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Do not see major impact of US-Iran tensions unless oil supply is disrupted: IEA

Our Bureau New Delhi | Updated on January 10, 2020 Published on January 10, 2020

World currently has 1 million barrel per day of surplus oil: Fatih Birol

There is no major impact of the escalated tensions between United States of America and Iran on the price of crude oil unless there is a disruption of supplies according to the International Energy Agency.

“We have seen a major incident in one of the most important oil countries in the world but we have also seen that prices although they rose, have come down again. And this is very peculiar, because when we look at the entire year (from January 2019 to December 2019), prices remain around $ 60 a barrel despite we had the incident,” Fatih Birol, Executive Director of the International Energy Agency said while speaking to reporters at the sidelines of an event to launch a report titled IEA In-depth Review of India’s Energy Policies.

Earlier this month, a US air strike in Iraq killed Iran's most powerful military commander, General Qasem Soleimani. In retaliation, Iran launched missile attacks on a US military base in Iraq. This spooked the crude oil market and Brent crude prices rose close to $ 69 a barrel on Monday (January 6) from $ 66 a barrel on Wednesday (January 1). Brent prices have come down since and were trading closer to $ 65 a barrel on Friday (January 10).

Highlighting how prices have not risen much since despite disturbances, Birol said “We had an attack on the Saudi Aramco oil facilities, despite Iraq oil exports going down from 2.8 million barrels per day at the beginning of 2019 to almost nothing today and Venezuela collapsed as a major oil producer. And price are still there around $ 60 a barrel and we have not seen a major increase.”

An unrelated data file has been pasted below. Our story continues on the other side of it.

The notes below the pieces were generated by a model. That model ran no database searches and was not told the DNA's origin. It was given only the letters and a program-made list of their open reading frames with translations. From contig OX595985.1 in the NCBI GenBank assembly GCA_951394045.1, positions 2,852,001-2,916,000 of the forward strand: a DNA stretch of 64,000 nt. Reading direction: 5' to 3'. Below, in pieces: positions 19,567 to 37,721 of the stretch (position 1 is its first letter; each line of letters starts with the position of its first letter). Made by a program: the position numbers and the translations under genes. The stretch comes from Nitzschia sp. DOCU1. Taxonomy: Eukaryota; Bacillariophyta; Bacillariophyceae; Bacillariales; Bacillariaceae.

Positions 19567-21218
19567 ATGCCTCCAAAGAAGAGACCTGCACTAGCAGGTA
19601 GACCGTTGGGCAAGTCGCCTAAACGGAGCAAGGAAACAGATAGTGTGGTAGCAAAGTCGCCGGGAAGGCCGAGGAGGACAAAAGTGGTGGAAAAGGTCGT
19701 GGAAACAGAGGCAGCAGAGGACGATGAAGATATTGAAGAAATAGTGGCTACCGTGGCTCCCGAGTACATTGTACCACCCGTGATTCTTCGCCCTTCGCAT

“This is mainly because there is abundance of oil production around the world coming from United States of America, Brazil, Canada, Norway, Guyana, there is a huge amount of oil. And looking at the coming year, considering the demand and supply of oil, we see a well supplied oil market and more than 1 million barrels per day of surplus of oil in the market. No reason to worry for the time being,” he added.

Birol said that there is currently 1 million barrels per day of surplus crude oil in the market which is looking for buyers. “I do not see a major impact of US-Iran tensions unless oil supply is disrupted. We expect the United States of America to remain the largest producer of crude oil in the world in 2020-2021,” he said.

In the report reviewing India’s energy policies, Birol said that the domestic demand for crude oil will be increasing because of higher consumption need for mobility, LPG, and petrochemical industry. “India’s current stocks equal to 10 days of imports may need to increase in order to protect India in the rainy days in the oil markets...it is very important especially in this world which is becoming a dangerous world,” he said.

“India’s current strategic reserve capacity of 40 million barrels can cover just over 10 days of current net imports. However, given the expected growth in oil consumption, the same volume may cover only four days of net imports in 2040. Therefore, it is important that the government pursue the second phase of its strategic stock holding policy, which would add an additional 50 million barrels, and also prepares subsequent phases,” the India 2020 Energy policy review report said.

Commenting on the proposal in the report to increase the share of natural gas in India’s energy mix, Minister for Petroleum and Natural Gas, Dharmendra Pradhan said, “We want to emulate the gas economy model of Gujarat where average share of natural gas in the energy mix is 26 per cent, which above the world average of 23 per cent.”

Published on January 10, 2020
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